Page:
NEW YORK: Multinational companies based in Brazil, Russia, India, and China (BRIC) continue to suffer from trust issues in developed markets, according to research released Wednesday by Edelman.
The Edelman Trust Barometer: Emerging Markets Supplement examined trust in the developed world in companies headquartered in emerging markets, based on 5,400 interviews with informed members of the public in nine countries.
Just over one-third of respondents in the developed markets surveyed -- the US, UK, Germany, and France -- said they trust BRIC-based multinational companies.
Trust for China-based companies was particularly low among respondents in developed countries. It found 19% of respondents in Germany trusted them, followed by 22% in France, and 26% in the US.
Respondents in the emerging markets surveyed (India, China, South Africa, Indonesia, and Mexico) have a greater level of trust for BRIC-based companies -- just more than double that of those in developed markets -- at 56% compared with 27%.
The study shows that this “trust deficit” has business consequences for BRIC-headquartered corporations. Nearly two-thirds of respondents in developed markets would reject domestic investment from companies based in the BRIC markets.
One-third of respondents in the developed markets (34%) would trust a China-based business to buy a company in their respective country, while 38% would trust a Chinese company to make a major investment in a new plant or office.
“BRIC-based companies are not living up to the transparency and governance expectations of Western stakeholders – they won't grant trust to these companies until they meet these expectations,” said Alan VanderMolen, president and CEO of global practices at Edelman and vice chairman of DJE Holdings.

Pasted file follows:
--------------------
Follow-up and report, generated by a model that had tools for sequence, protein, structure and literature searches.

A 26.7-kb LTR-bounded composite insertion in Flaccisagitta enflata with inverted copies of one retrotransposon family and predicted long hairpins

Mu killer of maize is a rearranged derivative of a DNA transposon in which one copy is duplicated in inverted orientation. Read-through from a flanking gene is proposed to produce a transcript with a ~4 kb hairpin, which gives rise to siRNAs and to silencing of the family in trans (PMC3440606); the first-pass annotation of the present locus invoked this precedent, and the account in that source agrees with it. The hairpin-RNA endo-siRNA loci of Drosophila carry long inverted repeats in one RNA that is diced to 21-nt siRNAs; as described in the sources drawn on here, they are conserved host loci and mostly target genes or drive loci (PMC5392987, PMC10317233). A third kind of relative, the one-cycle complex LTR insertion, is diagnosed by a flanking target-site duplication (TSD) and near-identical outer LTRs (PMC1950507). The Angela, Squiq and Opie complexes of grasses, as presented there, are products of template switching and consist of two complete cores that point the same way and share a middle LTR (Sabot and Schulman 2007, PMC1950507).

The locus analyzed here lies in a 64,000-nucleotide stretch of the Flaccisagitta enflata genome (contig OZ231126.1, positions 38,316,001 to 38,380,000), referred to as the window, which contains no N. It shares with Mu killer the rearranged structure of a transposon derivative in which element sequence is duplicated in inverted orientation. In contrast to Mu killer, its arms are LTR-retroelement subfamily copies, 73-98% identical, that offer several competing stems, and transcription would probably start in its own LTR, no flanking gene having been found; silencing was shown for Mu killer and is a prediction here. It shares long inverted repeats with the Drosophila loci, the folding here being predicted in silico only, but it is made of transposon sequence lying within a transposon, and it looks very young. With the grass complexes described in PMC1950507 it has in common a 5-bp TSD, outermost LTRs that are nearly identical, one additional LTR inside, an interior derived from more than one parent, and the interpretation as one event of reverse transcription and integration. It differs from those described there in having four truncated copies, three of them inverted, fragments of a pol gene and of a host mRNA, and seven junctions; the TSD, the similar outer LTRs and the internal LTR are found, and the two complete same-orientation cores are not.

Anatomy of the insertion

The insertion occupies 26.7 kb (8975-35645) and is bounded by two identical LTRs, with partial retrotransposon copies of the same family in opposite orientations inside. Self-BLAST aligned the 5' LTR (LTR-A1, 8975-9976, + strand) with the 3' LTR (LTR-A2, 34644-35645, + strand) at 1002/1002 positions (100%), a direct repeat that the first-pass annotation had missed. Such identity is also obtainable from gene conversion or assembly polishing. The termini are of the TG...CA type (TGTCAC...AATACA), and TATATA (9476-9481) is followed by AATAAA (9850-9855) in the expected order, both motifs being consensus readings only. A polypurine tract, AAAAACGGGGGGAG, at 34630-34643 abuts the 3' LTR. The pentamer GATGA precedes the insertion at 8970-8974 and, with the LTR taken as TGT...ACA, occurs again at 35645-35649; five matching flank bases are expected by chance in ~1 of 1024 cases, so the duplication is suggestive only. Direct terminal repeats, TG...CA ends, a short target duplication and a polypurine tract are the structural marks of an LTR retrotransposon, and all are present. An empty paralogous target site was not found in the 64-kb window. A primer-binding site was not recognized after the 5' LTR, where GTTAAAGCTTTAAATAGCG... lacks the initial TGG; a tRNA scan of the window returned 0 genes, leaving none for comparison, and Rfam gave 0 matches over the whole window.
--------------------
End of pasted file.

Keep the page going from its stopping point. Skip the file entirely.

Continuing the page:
The study examined awareness levels for specific companies in the BRICs, such as India's Tata and China's Haier. It also identified poor familiarity with them among respondents in developed markets, particularly in the US.
“If stakeholders are not familiar with one of these companies, they will base their opinions on the country its headquarters are in,” added VanderMolen.
BRIC markets have a different view of their multinational companies than developed markets.
The study found that the level of trust Chinese nationals have in China-based multinational companies is three times higher (83%) than the trust respondents from developed markets have in them.
Indian nationals also have a higher level of trust for home-grown corporations than outsiders, with 83% trusting Indian companies, compared with 28% of respondents in developed markets.
The main reason for a lack of trust in BRIC-based companies is the belief that their relationship is too close to their respective governments. This is particularly the case for Chinese companies, with half of respondents saying it is a reason not to trust them.
Respondents in both China (51%) and India (60%) agree there is too much state control of their own national companies.
Fewer than four-in-ten (37%) of developed market respondents say they trust state-owned BRIC-based companies.
“It is incumbent on companies headquartered in these countries [BRICs] to realize there is an issue with state involvement,” said VanderMolen.He said as BRIC-based multinationals look to expand in development markets, they will also have to be “honest and transparent” about their supply chain, management structure, employee welfare, and quality control, while adhering to internationally accepted accounting standards.